PA officials in Ramallah have also blamed Hamas for the crisis in Gaza. PA Information Minister Riad al-Malki said the latest crisis was the result of Hamas' "insistence on creating an Islamic republic in Gaza." A top PA official in Ramallah accused Hamas of ordering bakery owners to keep their businesses closed for the second day running to create a humanitarian crisis. "Hamas is preventing people from buying bread," he said. "They want to deepen the crisis so as to serve their own interests." The official said that, contrary to Hamas' claims, there is enough fuel and flour to keep the bakeries in Gaza operating for another two months. "Hamas members have stolen most of the fuel in Gaza to fill their vehicles," he said. (Jerusalem Post)
  • Palestinian Gunmen Open Fire on Israeli Troops Near Gaza Border
    Palestinian gunmen opened fire on IDF troops near the southern Gaza border fence in two separate incidents on Tuesday morning. (Jerusalem Post)
        See also Palestinians in Gaza Open Fire at Israeli Farmers - Shmulik Hadad
    Palestinians in Gaza opened fire Tuesday morning at farmers working near Kibbutz Ein Hashlosha in southern Israel. An Ecuadorian volunteer was murdered by a Palestinian sniper in the same area last week. (Ynet News)
  • UK Taxes Fund PA Hate Education - Jonny Paul
    British taxpayers are funding hate education and violence in the Middle East, according to a new report published by the British NGO Tax Payers Alliance (TPA). The report shows that part of the £47.5 million of British aid to the Palestinian territories goes towards textbooks that praise insurgents in Iraq, encourage execution of apostates, and idealize martyrdom. (Jerusalem Post)
  • Global Commentary and Think-Tank Analysis (Best of U.S., UK, and Israel):

  • Hamas' Dupes - Editorial
    A Hamas official warned that the reduction in fuel shipments to Gaza's power plant meant: "We have the choice to either cut electricity on babies in the maternity ward or heart surgery patients." Not exactly. Hamas has the choice of supplying the electricity it has first to hospitals and other essential humanitarian needs. Hamas also has the choice of stopping the Kassam rocket attacks against Israel. Instead, as usual, Hamas' leaders have chosen to deliberately increase the suffering of Palestinians, knowing the international community will cooperate with this cynical choice and blame Israel.
        There is no greater act of "collective punishment" than randomly firing missiles at the homes of innocent Israeli civilians. Where is the concern for the "humanitarian crisis" of Israelis who have had to live under the threat of rocket fire for the last seven years? Power outages cannot compare to the deadly and indiscriminate threat from missiles landing on kindergartens and homes. If Western officials uniformly blamed Hamas instead of amplifying its propaganda, it might be forced to stop its aggression, ending the "humanitarian crisis."  (Jerusalem Post)
  • How to Respond to Bombardment from Across the Border - Marty Peretz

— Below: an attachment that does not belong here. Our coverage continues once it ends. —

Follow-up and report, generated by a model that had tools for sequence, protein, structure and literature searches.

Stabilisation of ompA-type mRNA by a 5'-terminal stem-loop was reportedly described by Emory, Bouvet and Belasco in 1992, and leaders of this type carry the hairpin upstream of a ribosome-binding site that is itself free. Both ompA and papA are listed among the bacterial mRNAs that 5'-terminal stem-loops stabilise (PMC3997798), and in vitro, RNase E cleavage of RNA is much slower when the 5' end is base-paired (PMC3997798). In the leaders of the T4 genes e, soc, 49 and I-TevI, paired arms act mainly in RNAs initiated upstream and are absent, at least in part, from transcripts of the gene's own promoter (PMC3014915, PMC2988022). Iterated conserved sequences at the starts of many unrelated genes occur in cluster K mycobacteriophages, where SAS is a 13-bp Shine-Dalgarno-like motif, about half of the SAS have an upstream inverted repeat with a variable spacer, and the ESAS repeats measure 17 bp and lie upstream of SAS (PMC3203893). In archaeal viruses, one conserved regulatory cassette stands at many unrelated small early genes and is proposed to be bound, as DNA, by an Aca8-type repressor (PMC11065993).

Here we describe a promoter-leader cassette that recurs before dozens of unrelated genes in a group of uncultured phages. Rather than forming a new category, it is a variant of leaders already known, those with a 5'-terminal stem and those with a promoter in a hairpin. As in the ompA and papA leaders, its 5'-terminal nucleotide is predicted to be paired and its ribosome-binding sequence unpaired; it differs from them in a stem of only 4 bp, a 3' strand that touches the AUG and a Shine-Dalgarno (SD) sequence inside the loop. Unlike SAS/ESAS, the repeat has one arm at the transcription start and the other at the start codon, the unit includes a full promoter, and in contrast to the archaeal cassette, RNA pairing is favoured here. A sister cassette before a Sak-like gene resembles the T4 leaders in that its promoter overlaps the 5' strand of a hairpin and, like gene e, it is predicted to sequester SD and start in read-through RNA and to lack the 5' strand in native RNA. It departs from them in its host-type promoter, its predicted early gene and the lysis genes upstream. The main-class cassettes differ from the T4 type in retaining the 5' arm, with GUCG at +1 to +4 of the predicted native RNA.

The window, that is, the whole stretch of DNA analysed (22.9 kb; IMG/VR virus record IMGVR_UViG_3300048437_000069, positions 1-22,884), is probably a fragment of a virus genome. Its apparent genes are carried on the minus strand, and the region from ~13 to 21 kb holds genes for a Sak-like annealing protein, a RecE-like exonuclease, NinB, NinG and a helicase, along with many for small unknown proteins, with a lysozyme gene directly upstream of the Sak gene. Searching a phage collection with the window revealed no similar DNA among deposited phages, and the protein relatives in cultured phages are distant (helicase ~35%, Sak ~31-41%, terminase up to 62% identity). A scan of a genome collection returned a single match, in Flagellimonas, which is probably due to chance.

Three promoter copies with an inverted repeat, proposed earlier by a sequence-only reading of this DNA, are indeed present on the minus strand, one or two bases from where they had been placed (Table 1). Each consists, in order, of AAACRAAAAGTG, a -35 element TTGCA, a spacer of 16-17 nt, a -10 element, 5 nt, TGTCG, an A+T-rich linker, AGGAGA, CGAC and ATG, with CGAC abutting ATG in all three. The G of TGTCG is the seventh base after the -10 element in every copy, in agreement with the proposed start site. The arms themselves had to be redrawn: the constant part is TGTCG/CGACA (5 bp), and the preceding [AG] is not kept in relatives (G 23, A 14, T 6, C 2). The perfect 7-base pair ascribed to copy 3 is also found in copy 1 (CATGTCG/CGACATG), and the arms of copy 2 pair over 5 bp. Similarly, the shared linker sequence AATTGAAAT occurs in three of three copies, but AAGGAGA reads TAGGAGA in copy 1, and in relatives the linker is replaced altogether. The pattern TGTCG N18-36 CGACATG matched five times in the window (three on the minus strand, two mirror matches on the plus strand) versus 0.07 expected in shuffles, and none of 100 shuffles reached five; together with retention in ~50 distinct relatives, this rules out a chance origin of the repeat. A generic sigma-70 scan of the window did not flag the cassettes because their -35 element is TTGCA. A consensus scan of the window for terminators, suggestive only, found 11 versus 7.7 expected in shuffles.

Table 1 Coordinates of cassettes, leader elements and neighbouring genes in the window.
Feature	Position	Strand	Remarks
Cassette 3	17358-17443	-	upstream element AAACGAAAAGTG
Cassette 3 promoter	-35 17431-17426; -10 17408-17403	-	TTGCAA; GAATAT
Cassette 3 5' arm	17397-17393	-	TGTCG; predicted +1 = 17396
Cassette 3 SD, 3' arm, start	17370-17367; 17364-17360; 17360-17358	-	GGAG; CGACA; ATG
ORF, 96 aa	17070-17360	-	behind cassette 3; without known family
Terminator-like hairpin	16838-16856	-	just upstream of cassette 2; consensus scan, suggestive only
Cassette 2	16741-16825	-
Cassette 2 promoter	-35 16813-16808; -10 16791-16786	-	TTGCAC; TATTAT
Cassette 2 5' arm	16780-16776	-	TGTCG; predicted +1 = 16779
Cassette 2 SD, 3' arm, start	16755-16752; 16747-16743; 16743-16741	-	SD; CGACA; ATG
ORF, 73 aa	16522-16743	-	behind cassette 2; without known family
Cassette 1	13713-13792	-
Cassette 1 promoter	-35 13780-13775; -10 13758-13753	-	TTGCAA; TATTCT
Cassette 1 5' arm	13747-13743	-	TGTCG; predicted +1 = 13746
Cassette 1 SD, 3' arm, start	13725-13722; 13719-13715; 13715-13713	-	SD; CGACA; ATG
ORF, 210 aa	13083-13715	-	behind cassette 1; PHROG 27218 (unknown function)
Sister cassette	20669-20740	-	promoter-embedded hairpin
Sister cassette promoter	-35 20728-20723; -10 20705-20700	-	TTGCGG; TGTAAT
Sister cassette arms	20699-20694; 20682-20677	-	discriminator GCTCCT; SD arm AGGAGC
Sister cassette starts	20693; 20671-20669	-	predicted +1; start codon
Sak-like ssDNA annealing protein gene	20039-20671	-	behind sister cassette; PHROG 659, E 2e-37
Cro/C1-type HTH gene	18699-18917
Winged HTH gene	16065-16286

Israel has been under siege from missiles and rockets day in, day out ever since it withdrew from Gaza on Sep. 12, 2005. Israel is a tiny country, wedged in between the sea and a great swath of hostile Arab territories. Tel Aviv and Jerusalem are within easy range of the land the peace processors have set aside in their imaginations for a Palestinian state.
        Imagine the U.S. tolerating a situation in which there is relentless bombardment from across its border, and the regime there in power not only tolerates it but facilitates it; not only facilitates it, but makes clear that it is a picture of the Israeli future. Not only the U.S., but any and all governments, would respond forcefully, more forcefully than Israel had responded. (New Republic)
  • Missile Test a Message to Our Enemies - Alex Fishman
    The missile that Israel tested Thursday was two-stage. The test examined the critical moment where the missile's first stage disconnects and the second stage's engine fires. Interested parties will analyze the missile firing and reach the reasonable conclusion that this capability enables Israel to produce long-range ballistic missiles. Particularly, this capability enables Israel to produce missiles that can launch satellites into space, and also missiles aimed at thwarting incoming ballistic missiles fired at Israel from great distances at very high altitude.
        The "show" presented by Israel was an explicit signal: Those who are playing with their own missiles, such as the Shehab, or pursuing nuclear weapons, should know they are not alone in this game. Adventures come with a price. This is also known as "deterrence." (Ynet News)
  • Observations:

    The Gaza "Blackout" and the Laws of War - J. Peter Pham (National Review)

    • Although the so-called "Gaza blackout" was instigated by the Hamas terrorists who run the enclave as a sort of cynical publicity stunt, it has drawn the usual dire warnings of impending humanitarian crisis and protests from neighboring Arab countries and the EU. What tends to be forgotten in moments like this is that even if Israel, which supplies more than 75% of the terrorist enclave's power, did cut off the flow, it would not only be morally but also legally justified in doing so.
    • As Prof. Michael Krauss of George Mason University Law School and I pointed out last year when Gaza was designated "hostile territory" by the Israeli cabinet: If Gaza is territory under the control of the enemy - as it manifestly is under Hamas - then the Israeli government is both within its rights and arguably obliged by its responsibilities to its citizens to treat the strip as "hostile territory."
    • Siege and blockade of a hostile territory is a legitimate tactic of war, used in declared and undeclared (e.g., Cuban) conflicts and explicitly recognized by the 1949 Geneva Conventions. The Conventions' sole limitation is that there be "free passage of all consignments of food-stuffs, clothing and tonics intended for children under fifteen, expectant mothers, and maternity cases" (Fourth Convention, art. 23).
    • Even this exception was conditioned on there being "no reasons for fearing... that a definite advantage may accrue to the military efforts or economy of the enemy" (for example, if resources destined for humanitarian aid will be commandeered by the enemy). Israel has carefully respected this requirement.
    • Notwithstanding the outraged howls from the external enablers of Hamas, there is no basis in international humanitarian law for claiming any belligerent is obliged to supply energy to territory occupied by the enemy, conventional or otherwise.

      The writer is director of the Nelson Institute for International and Public Affairs at James Madison University and an adjunct fellow at the Foundation for the Defense of Democracies.

    Unsubscribe from Daily Alert